A montage of three images of single striatal neurons transfected with a disease-associated version of huntingtin, the protein that causes Huntington’s disease; By: Dr. Steven Finkbeiner, Gladstone Institute of Neurological Disease, The Taube-Koret Center for Huntington’s Disease Research, and the University of California San Francisco; licensed under the Creative Commons Attribution 3.0 Unported license.
Patients with Huntington’s disease deteriorate physically, cognitively, and emotionally. There is no cure for the inherited illness, but scientists may have found a way to slow down the onset of symptoms. Researchers in Quebec increased the expression of a molecule known as pre-enkephalin (pENK) in a mouse model of Huntington’s disease (HD) and saw promising results.
Since reduced expression of pENK is a hallmark of the disease, and neurons containing this molecule are some of the first cells to die in the brains of HD patients, the researchers hypothesized that an HD brain over-expressing pENK might have beneficial results. Their study offers the first evidence that increased pENK expression leads to a delay in muscle dysfunction, improved motor activity, memory, and lower anxiety in early-onset HD.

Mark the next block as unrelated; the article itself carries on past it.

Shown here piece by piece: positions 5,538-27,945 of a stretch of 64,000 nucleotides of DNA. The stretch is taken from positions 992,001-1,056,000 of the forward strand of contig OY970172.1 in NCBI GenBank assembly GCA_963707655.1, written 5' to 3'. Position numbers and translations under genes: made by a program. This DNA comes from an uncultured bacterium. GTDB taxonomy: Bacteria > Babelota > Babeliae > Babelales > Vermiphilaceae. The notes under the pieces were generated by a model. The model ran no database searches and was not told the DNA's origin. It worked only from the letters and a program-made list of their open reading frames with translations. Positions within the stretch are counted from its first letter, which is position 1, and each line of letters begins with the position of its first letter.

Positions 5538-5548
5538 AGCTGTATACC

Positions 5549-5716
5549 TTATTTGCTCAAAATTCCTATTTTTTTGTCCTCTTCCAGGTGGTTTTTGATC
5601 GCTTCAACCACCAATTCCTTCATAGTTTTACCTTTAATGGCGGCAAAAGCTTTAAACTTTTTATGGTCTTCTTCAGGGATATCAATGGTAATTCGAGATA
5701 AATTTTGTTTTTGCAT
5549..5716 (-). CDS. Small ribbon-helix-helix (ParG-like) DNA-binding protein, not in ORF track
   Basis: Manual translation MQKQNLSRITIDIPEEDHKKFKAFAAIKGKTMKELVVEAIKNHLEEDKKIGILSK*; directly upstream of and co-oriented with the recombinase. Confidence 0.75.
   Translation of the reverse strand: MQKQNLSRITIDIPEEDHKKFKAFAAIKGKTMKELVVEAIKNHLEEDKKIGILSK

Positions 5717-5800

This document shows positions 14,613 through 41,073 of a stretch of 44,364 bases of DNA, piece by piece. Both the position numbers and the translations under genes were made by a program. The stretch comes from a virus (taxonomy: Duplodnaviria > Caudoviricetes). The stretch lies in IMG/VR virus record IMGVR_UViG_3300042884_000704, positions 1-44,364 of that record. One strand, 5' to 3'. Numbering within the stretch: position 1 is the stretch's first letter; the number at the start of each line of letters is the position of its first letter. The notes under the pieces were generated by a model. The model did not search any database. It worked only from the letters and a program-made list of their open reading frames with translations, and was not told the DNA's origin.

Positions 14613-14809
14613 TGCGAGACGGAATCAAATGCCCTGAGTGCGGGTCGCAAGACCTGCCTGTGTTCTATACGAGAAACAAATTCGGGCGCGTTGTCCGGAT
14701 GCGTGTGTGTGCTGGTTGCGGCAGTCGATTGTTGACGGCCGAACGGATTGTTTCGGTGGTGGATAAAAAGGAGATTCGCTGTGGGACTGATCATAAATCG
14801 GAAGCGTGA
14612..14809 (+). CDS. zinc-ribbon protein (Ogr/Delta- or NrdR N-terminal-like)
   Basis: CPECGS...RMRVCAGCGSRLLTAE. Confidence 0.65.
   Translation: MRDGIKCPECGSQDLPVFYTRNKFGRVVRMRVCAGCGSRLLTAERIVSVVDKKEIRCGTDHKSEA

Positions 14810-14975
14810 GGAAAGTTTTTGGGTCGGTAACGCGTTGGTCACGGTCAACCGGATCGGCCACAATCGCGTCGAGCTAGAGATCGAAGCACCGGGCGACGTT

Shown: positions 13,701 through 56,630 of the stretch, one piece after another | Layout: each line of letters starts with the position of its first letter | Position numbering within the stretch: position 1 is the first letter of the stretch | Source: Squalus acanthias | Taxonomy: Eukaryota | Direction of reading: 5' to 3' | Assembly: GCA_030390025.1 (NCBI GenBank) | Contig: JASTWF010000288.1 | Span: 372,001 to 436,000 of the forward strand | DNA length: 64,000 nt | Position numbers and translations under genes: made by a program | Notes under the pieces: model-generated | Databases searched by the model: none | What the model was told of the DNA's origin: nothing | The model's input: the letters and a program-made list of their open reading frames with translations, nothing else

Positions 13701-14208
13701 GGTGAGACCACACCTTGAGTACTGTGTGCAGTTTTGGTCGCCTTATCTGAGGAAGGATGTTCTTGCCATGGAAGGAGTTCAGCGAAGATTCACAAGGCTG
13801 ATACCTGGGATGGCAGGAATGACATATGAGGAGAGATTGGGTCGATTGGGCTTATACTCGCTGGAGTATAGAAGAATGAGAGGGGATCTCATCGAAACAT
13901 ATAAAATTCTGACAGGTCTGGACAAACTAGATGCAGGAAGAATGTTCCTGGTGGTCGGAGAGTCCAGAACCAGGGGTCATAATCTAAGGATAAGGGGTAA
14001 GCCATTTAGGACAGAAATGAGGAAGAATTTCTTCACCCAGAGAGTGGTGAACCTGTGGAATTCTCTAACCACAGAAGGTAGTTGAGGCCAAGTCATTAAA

To upregulate pENK, the researchers injected a viral vector carrying the molecule into the striatum of five-week old mice. Behavior tests conducted before and after the injection measured benchmarks of degeneration in the mouse model, including grip strength, clasping, open field movement, anxiety, memory and learning, and novel object recognition. At ten-weeks-old, HD mice over-expressing pENK performed better on many tests compared with controls (HD mice that did not receive pENK treatment). In other words, symptoms like motor dysfunction, which were assessed with the “grip strength” and “clasping” tests, appeared at six-weeks in the untreated HD mice, but didn’t show up until eight or ten weeks in mice over-expressing pENK.
Striatal neurons also benefited from pENK overexpression. Using the Optical Fractionator probe with Stereo Investigator to perform a stereological study of the region, the researchers saw more striatal neurons in 10-week-old pENK-treated HD mice compared to controls.
“The results of this study might open new horizon to investigate the cellular and molecular mechanisms by which enkephalin modulates motor response and signaling in HD, and may also contribute to the development of new therapeutical strategies and the gain in the quality of life in HD patients,” the authors say in their paper.
Bissonnette, S., Vaillancourt, M., Hébert, S. S., Drolet, G., & Samadi, P. (2013). Striatal Pre-Enkephalin Overexpression Improves Huntington’s Disease Symptoms in the R6/2 Mouse Model of Huntington’s Disease. Plos one, 8(9), e75099. http://www.ncbi.nlm.nih.gov/pmc/articles/PMC3770591/